Annual Report 2008 - Central America
|Publisher||Reporters Without Borders|
|Publication Date||13 February 2008|
|Cite as||Reporters Without Borders, Annual Report 2008 - Central America, 13 February 2008, available at: http://www.refworld.org/docid/47b418b91b.html [accessed 28 January 2015]|
Area: 21,040 sq. km
Head of state: Elías Antonio Saca
Area: 112,090 sq. km
Head of state: Manuel Zelaya
Area: 75520 sq. km
Head of state: Martín Torrijos
Area: 108,890 sq. km
Head of state: President Oscar (succeeded by Alvaro Colom on 14 January 2008)
Two journalists were killed in Guatemala and one each in Honduras and Salvador, but direct links to their work were not proven in any of the cases. A new anti-terrorist law in El Salvador led to the unjustified imprisonment of a journalist there. A reform of Panama's criminal law in March caused a media outcry.
Only a few years after recovering from its years of civil war, Central America now faces a plague of "maras," extremely violent gangs of youths operating especially in Guatemala, Honduras and Salvador and which have also taken root in Mexico and the United States. A "marero," José Alfredo Hernández, was arrested on 16 October 2007 near San Salvador for shooting dead Salvador Sánchez, who worked for Salvadoran radio stations Maya Visión, Radio Cadena Mi Gente and YSUCA, on 20 September. Hernández was a member of the notorious "mara salvatrucha" and two of his presumed accomplices are on the run. The motive was not known but Sánchez' family said he had received threats. He was a trade unionist and community activist.
Media in the firing line
Carlos Salgado, of Radio Cadena Voces (RCV), which was being closely watched by the Honduras government, was killed in Tegucigalpa on 18 October. A month earlier, President Manuel Zelaya had said that "if I was (Venezuelan President) Hugo Chávez, I would've shut down this station long ago." A suspect, Germán David Almendárez Amador, was arrested, freed for lack of evidence then rearrested on 28 October, though not charged.
The media accuses the president of "trying to control the media" and criticises his frequent travelling. Relations between the two sides are very bad. The head of RCV, Dagoberto Rodríguez, fled abroad in November after being followed by strangers and getting death threats. Geovanny García, of the TV station Canal 13 (which also has poor relations with the authorities), was almost killed by two motorcycle gunmen on 7 September. His programme, with its regular exposure of corruption, was immediately taken off the air. Several attempts at censorship were made in September, including a complaint that five journalists who had exposed embezzlement at the communications firm Hondutel had "damaged reputations." The case was thrown out by a court.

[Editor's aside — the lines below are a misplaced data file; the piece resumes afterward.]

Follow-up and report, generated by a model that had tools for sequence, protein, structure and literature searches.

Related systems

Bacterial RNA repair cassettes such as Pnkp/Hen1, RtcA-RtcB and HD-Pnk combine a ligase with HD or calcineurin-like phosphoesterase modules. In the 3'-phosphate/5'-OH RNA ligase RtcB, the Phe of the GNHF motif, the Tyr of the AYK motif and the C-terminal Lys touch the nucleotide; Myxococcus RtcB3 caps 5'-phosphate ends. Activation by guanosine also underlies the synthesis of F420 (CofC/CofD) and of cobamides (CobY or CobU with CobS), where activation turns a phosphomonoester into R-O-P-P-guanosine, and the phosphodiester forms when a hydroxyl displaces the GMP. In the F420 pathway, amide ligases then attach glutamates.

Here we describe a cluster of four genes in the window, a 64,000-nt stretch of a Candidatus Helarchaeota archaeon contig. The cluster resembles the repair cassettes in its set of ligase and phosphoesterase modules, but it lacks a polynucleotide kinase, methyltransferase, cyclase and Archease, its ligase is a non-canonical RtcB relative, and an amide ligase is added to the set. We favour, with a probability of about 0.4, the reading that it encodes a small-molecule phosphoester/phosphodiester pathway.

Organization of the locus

In Guatemala, freelance photographer Jorge Alejandro Castañeda was shot dead in the capital on 5 July and Miguel Angel Amaya Pérez, a presenter on radio station Sabana, was found dead on 10 December in the northern province of Petén, a haven for drug-traffickers. Nothing so far indicates they were killed because of their work. But even a trivial article can bring dire consequences. A few days after Winder Jordán, who worked for the local Radio Sultana and as a stringer for national daily Nuestro Diario, mentioned the name of a person involved in a road accident, motorcycle gunmen tried to kill him outside his home in the eastern town of Gualán on 2 February. The person's family also came to the house and threatened to kill him.
Journalists on the TV station Cable Guatevisión got anonymous phone threats after they investigated the execution at the national prison of four policemen jailed for the 19 February assassination of three members of parliament, including Eduardo D'Aubuisson, son of former Salvadoran civil war death squad leader Roberto D'Aubuisson. The national Radio Nuevo Mundo was the target of two armed attacks on 4 and 11 September, and one of its journalists was briefly kidnapped, after it broadcast revelations about politicians during the election campaign.
Imprisoned for "terrorism"
Freelance journalist María Haydee Chicas spent three weeks in prison in July under a new anti-terrorist law in El Salvador after covering a community meeting against privatisation of water supply in Suchitoto, in the northeast of San Salvador, on 2 July. She was arrested by riot police along with 13 other people. A campaign to release them caught the attention of President Elías Antonio Saca and they were freed, though only conditionally, on 23 July.
Criminal law toughened
Panama's normally tranquil press freedom situation (as in neighbouring Costa Rica) was disturbed by a heated debate in the media after a reform of the criminal law approved by parliament on 6 March. The measure punishes leaks to the media and disclosure of personal information with fines, imprisonment or a weekend in jail. Appeals to the Inter-American Human Rights Commission had no effect and President Martín Torrijos signed the reform into law on 21 March.